On Thursday, 1 June, an excited group of thirty gardeners and aspirant cooks gathered in our kitchen garden to share and learn together. All hailing from Stephanie Alexander Foundation Kitchen Garden schools, these representatives had come together for a SAFKG Networking and Skills Workshop to see how MRPS conducts the kitchen garden program and to enjoy the spoils of our kitchen garden with the delicious meals they cooked up in our kitchen.
Participants really enjoyed being in a different environment and meeting like-minded teachers, all passionate about the values of a Stephanie Alexander Foundation Kitchen Garden in their schools. They came from as far afield as Karratha, Dongara, Pemberton and Albany, with our SAFKG Ambassador, Ian Parmenter and Stephanie Alexander herself, big drawcards for this special event.
The main thrust of the day was sharing stories about each school’s journey with the SAKG program, finding common issues and concerns, whilst celebrating successes too.
Mel Somerset (our inaugural kitchen leader) was one of the attendees and she commented
It is so important for adults to experience firsthand what it feels like to have to work in a group to cook a dish in the kitchen, having to practise co-operative skills like taking turns and being responsible for different tasks. This gives teachers a much better understanding when asking their students to do the same.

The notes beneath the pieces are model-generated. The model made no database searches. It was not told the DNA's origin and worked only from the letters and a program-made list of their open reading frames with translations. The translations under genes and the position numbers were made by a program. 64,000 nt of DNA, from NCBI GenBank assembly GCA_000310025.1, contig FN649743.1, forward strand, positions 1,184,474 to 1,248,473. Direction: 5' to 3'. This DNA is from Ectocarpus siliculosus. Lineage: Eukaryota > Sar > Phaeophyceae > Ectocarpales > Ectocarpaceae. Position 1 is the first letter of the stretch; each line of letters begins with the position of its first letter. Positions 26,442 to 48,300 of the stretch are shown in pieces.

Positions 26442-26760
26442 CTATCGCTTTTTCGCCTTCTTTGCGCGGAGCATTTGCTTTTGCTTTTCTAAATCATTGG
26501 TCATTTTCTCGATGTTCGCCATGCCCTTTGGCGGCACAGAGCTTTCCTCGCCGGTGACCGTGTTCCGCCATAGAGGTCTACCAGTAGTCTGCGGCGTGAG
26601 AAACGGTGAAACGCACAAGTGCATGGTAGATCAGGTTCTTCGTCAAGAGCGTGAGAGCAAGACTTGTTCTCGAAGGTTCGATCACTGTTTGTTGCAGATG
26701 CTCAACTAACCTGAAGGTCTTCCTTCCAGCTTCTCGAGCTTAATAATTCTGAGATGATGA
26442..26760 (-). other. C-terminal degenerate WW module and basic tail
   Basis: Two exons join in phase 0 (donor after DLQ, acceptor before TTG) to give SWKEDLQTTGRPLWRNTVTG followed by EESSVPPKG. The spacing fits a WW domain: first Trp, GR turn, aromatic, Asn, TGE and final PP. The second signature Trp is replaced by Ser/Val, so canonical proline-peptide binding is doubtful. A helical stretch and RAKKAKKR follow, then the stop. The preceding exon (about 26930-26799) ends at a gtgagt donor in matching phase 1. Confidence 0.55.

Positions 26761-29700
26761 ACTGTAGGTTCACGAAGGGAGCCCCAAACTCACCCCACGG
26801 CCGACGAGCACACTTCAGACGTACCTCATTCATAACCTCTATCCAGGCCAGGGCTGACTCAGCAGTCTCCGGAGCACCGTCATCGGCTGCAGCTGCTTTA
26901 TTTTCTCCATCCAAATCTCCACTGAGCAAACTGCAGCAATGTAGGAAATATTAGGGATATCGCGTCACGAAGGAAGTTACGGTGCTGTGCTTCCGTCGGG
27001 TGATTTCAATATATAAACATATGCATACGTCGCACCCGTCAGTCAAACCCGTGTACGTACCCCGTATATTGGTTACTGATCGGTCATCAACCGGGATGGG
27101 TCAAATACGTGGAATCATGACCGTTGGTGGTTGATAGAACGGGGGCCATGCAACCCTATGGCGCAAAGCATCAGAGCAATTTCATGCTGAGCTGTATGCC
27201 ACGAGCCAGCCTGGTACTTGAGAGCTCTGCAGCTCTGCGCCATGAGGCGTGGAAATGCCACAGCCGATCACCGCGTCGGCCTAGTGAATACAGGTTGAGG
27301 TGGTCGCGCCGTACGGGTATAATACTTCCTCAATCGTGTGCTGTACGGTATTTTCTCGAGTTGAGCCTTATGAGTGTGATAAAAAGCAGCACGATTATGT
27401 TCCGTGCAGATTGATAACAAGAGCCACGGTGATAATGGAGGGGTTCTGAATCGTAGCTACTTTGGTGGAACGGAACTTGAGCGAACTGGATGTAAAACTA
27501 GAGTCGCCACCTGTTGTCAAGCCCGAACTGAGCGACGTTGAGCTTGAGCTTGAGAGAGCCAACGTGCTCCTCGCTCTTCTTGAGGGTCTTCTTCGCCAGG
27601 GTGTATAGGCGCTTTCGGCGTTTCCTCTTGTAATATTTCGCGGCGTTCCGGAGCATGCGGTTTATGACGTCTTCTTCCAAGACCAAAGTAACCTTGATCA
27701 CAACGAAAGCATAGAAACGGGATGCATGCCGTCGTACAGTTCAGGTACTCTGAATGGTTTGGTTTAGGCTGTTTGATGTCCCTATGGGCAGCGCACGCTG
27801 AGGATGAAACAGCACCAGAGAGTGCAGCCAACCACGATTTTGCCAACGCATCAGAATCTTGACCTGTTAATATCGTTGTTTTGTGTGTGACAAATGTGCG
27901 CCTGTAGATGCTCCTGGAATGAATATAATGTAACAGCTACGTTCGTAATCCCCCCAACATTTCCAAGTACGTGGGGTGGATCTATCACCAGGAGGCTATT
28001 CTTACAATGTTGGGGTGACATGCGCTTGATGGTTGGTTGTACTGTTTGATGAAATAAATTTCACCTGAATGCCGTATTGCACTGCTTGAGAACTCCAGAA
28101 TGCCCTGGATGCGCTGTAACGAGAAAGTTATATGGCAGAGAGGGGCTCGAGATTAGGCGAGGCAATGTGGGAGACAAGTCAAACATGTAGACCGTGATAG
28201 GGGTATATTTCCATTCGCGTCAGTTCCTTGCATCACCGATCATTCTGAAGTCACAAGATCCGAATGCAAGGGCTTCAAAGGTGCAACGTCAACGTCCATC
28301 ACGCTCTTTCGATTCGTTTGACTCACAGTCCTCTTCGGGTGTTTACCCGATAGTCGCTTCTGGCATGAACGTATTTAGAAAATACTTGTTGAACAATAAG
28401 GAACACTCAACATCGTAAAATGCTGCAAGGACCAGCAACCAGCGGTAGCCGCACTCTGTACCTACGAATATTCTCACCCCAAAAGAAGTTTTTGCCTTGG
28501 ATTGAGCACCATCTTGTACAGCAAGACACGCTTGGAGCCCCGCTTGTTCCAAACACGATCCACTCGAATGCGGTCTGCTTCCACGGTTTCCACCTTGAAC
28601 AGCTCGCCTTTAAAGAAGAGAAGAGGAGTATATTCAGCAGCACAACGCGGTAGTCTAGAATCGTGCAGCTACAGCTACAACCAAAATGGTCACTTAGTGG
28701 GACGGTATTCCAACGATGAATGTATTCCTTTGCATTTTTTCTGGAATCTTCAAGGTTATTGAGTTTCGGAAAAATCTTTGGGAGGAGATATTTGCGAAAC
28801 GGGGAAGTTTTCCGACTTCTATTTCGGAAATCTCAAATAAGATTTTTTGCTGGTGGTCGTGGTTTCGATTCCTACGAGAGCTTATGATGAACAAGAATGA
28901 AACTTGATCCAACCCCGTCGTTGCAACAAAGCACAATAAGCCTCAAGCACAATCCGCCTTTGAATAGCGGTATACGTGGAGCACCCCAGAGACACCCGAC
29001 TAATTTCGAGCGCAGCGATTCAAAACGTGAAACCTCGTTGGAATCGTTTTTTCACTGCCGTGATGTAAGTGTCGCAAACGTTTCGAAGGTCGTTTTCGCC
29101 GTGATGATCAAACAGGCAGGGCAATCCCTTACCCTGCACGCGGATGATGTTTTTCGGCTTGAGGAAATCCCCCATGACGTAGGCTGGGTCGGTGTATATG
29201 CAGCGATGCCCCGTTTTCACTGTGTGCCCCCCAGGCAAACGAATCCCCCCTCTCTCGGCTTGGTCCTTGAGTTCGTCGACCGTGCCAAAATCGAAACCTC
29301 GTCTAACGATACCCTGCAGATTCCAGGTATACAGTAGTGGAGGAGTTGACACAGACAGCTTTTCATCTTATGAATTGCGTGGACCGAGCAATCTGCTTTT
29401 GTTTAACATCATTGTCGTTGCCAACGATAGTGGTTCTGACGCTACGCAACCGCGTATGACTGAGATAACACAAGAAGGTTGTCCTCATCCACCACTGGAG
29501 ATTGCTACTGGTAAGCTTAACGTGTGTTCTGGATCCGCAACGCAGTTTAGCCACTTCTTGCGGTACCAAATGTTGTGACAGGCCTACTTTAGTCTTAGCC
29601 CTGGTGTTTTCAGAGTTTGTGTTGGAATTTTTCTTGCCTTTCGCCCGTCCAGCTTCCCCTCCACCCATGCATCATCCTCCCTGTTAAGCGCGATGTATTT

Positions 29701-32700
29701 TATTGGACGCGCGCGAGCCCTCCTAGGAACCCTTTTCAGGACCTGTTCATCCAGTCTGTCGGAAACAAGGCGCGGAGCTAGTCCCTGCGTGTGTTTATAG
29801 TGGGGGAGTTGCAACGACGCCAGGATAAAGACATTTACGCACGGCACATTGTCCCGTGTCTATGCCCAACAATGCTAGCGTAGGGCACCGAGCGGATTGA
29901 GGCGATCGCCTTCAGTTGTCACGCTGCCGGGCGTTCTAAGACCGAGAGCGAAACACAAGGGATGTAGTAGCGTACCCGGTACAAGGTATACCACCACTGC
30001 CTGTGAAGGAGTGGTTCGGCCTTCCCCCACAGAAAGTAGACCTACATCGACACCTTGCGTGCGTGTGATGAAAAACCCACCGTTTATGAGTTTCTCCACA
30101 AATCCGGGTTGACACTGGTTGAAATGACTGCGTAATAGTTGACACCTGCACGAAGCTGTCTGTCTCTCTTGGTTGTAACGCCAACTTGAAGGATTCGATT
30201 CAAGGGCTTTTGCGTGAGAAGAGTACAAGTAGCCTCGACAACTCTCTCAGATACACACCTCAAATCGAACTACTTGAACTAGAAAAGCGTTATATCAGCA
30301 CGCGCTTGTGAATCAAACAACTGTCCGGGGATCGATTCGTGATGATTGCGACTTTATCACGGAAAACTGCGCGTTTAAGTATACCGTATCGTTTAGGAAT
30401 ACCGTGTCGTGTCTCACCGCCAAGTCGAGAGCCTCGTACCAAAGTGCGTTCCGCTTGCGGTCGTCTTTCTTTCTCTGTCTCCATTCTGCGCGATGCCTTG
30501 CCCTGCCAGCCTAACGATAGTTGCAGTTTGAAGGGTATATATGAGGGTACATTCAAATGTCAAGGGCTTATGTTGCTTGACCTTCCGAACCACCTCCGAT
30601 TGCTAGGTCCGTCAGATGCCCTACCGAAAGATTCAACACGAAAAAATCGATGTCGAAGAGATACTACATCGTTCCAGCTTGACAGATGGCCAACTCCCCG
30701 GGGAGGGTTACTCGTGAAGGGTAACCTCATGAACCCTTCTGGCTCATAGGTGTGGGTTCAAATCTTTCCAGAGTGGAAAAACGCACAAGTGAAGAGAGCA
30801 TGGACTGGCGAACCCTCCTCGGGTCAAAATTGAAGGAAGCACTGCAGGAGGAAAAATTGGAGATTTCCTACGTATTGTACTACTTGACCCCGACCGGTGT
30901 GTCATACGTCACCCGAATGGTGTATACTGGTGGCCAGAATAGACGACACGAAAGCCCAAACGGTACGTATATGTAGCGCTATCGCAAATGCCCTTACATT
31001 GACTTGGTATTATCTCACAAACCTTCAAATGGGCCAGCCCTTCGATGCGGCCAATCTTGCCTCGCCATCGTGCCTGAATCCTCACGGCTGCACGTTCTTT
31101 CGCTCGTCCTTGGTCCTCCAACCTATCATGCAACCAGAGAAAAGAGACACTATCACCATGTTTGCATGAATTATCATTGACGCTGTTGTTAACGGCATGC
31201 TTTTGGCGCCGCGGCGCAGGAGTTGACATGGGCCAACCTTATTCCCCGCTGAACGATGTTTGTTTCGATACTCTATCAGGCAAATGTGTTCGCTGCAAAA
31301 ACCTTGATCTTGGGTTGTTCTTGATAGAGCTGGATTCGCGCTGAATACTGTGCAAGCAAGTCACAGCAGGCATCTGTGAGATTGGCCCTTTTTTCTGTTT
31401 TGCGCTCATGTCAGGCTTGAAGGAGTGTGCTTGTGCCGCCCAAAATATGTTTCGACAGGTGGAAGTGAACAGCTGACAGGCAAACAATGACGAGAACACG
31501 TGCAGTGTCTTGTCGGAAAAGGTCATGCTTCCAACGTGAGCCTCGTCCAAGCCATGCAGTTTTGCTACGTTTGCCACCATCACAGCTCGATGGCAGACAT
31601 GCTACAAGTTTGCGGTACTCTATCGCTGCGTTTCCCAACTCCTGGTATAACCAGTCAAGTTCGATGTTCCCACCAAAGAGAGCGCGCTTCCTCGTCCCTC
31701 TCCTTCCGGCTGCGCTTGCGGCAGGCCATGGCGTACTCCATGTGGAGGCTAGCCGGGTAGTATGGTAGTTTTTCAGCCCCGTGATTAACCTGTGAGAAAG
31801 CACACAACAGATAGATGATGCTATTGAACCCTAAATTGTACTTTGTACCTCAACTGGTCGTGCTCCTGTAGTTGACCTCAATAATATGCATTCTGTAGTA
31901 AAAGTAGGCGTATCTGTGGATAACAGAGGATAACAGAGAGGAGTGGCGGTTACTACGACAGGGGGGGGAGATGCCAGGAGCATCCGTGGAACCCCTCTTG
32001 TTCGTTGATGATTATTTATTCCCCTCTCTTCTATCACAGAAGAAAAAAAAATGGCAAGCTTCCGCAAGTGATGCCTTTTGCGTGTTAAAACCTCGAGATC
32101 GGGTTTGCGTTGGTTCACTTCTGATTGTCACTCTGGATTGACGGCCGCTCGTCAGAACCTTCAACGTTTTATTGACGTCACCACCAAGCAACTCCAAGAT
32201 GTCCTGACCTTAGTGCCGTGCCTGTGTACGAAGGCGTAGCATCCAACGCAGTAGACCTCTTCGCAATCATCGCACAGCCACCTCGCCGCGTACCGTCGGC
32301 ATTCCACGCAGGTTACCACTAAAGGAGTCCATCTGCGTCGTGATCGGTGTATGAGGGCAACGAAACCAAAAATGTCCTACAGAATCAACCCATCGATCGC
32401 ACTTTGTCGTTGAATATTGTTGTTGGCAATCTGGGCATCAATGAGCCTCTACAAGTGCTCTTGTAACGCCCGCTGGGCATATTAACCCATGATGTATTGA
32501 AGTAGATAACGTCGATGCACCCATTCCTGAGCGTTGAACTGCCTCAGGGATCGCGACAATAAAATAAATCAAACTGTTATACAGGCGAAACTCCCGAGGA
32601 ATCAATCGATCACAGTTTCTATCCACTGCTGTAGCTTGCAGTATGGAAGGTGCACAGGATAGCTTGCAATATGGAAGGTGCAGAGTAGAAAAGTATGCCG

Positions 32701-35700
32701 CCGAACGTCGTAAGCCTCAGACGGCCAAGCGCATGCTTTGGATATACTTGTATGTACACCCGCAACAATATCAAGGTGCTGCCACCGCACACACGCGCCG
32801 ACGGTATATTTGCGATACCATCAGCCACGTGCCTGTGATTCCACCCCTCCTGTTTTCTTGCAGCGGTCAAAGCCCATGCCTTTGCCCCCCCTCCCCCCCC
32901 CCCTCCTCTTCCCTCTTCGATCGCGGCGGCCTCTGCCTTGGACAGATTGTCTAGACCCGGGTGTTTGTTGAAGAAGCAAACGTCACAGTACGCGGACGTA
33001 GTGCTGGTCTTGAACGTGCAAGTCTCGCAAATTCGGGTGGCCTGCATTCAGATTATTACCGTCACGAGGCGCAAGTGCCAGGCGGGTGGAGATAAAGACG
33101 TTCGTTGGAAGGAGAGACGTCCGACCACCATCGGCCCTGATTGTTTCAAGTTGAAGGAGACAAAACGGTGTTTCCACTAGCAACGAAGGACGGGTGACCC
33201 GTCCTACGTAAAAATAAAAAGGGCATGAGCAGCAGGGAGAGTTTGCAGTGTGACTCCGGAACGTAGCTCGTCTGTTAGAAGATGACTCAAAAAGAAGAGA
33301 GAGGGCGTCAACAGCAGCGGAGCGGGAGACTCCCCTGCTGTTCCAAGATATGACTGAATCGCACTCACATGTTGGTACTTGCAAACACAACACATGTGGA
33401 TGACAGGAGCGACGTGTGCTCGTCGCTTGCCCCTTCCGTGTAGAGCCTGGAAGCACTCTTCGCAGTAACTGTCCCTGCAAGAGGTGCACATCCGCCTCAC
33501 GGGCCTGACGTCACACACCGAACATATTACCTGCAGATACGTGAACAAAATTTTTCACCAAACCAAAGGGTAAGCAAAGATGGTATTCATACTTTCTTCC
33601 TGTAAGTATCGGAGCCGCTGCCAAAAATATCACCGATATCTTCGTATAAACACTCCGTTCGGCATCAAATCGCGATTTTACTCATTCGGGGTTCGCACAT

Other participants mentioned how inspiring the day had been and how excited they were to take so many good ideas back to their respective schools.
Ian Parmenter led the discussion with Stephanie Alexander in a Q&A style forum, as Stephanie explained her motivation for starting the program, being her desire to teach children about healthy eating and how food is grown. Stephanie Alexander also recognised the work being done at MRPS, stating
this school is an example of the program working really well.
Inbetween washing up in the kitchen and chasing chooks in the garden, Geoff Mcleod said he was thrilled with the turnout and that the day was a big success. He said,
my advice to participants is to start small and to build relationships and support structures within your school and community to have the stamina and depth for the program to survive.
From the photos, you can see how much fun everybody had.
We thank Geoff Mcleod for his work and vision with the program and Sarah and Teri for their hard work teaching students about healthy eating and growing fresh produce organically, and for their hard work on the day.
Written and posted by D. Veary; Photos by D. Veary and A. Thomas